Hence I tagged it for attention of Meestors Pack and Howells to see what they can run with (I don’t do the art thing, I barely do visuals).

    Oy, Mortimer! It is considered good etiquette to link back to ones source—gotta get my wikio ranking up somehow…

  4. Sozza, mate! All better. I hadn’t actually seen that you had posted about it, to my shame, I’d just seen you post the site link on Facebook.

    See what I mean? Bloody multiplicatory technology. Mind you, it probably just means I’m not using Twitter properly. 😦

  5. @Squiff: “have you written about it, have I? I think we might have done…”

    Indeed, only He Who Is Enlightened will Detect the Subtext… 😀

  6. The problem with internet based campaigning of all stripes (including blogs I’m afraid) is that it’s almost entirely passive – people have to make the effort to find things. In fact mostly it’s sort of limited to people into the internet and politics – something of a a specialist subset.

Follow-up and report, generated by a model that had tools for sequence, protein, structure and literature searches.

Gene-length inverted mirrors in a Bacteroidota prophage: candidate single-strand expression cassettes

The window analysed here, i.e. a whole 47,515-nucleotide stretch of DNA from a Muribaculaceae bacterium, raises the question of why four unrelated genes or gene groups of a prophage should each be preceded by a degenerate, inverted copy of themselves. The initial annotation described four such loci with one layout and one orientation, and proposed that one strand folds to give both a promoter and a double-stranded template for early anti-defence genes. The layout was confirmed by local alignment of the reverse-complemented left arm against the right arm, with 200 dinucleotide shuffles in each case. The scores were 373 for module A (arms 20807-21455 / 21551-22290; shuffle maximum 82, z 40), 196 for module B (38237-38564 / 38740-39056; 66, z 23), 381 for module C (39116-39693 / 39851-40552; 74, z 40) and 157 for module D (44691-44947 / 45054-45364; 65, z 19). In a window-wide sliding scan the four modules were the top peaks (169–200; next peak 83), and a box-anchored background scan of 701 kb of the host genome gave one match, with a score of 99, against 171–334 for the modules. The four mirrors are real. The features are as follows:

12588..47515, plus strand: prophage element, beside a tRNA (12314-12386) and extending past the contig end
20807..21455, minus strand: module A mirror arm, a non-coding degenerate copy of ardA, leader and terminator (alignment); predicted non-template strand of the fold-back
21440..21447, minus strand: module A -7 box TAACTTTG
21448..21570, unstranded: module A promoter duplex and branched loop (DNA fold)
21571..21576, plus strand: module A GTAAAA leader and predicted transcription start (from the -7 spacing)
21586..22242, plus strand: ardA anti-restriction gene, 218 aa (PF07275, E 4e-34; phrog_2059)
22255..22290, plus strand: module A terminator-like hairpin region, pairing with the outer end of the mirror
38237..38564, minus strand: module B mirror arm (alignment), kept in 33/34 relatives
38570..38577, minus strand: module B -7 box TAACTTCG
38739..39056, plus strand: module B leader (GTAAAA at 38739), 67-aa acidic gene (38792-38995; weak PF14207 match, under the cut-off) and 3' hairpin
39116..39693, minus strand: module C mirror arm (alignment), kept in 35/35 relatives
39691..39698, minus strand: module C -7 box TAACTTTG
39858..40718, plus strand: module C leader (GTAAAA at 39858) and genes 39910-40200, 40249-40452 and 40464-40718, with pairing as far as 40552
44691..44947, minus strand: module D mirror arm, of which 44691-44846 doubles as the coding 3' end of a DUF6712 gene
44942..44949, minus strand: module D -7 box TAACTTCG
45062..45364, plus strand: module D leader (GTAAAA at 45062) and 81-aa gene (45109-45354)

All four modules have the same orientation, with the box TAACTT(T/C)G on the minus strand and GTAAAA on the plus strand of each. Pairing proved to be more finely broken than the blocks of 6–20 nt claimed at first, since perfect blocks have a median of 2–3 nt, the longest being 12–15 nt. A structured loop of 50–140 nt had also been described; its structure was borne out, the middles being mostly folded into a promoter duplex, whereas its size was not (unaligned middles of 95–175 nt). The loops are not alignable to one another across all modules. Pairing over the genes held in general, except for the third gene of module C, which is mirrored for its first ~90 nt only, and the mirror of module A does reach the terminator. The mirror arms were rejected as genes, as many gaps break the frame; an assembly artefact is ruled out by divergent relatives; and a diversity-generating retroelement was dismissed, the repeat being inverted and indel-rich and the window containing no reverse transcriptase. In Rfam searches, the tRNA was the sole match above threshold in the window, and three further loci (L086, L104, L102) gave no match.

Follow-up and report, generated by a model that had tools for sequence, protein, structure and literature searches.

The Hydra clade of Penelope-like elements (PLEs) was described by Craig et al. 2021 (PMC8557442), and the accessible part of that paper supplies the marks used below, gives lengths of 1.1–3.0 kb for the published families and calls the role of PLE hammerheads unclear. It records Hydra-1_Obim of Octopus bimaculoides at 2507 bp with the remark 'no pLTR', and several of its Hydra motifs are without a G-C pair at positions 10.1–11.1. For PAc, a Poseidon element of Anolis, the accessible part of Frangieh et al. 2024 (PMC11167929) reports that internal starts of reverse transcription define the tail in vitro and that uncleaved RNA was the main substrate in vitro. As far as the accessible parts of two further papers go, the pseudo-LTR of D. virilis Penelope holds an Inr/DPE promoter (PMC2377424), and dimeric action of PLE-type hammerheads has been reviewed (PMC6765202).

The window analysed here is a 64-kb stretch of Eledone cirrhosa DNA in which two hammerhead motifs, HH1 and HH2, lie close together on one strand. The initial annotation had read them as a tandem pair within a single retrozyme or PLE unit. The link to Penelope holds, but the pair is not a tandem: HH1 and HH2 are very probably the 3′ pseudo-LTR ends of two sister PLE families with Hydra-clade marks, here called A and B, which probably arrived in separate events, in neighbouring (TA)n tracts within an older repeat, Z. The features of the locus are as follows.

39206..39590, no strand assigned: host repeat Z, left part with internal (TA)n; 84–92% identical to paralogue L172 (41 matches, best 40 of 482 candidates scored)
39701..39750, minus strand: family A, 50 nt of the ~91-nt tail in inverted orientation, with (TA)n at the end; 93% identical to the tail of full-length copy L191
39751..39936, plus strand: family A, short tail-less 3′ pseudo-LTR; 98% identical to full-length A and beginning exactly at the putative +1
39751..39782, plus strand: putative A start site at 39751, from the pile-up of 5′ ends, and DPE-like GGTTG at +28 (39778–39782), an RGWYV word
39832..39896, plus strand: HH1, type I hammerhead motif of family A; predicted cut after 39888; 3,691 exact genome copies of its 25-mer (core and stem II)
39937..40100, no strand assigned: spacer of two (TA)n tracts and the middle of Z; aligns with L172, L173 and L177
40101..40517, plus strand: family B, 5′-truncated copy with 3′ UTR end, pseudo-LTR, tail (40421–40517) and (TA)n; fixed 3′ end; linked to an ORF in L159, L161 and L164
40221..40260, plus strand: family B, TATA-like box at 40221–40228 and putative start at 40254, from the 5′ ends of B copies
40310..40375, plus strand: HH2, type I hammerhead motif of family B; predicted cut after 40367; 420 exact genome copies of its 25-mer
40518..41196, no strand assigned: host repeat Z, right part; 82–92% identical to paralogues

But you know there is another way – a method by which we can actively take the message out to people. THa t way my friends is by delivering ENORMOUS NUMBERS OF FOCUSES!

    I know this is unfashionable in some quarters these day but seriously, delivering enormous numbers of Focuses (and indeed knocking on enormous numbers of doors) remains the most effective campaigning tool we have by some margin. Also, delivering enormous numbers of Focuses is truly skill. It’s the political equivalent of skag. But you know, good skag.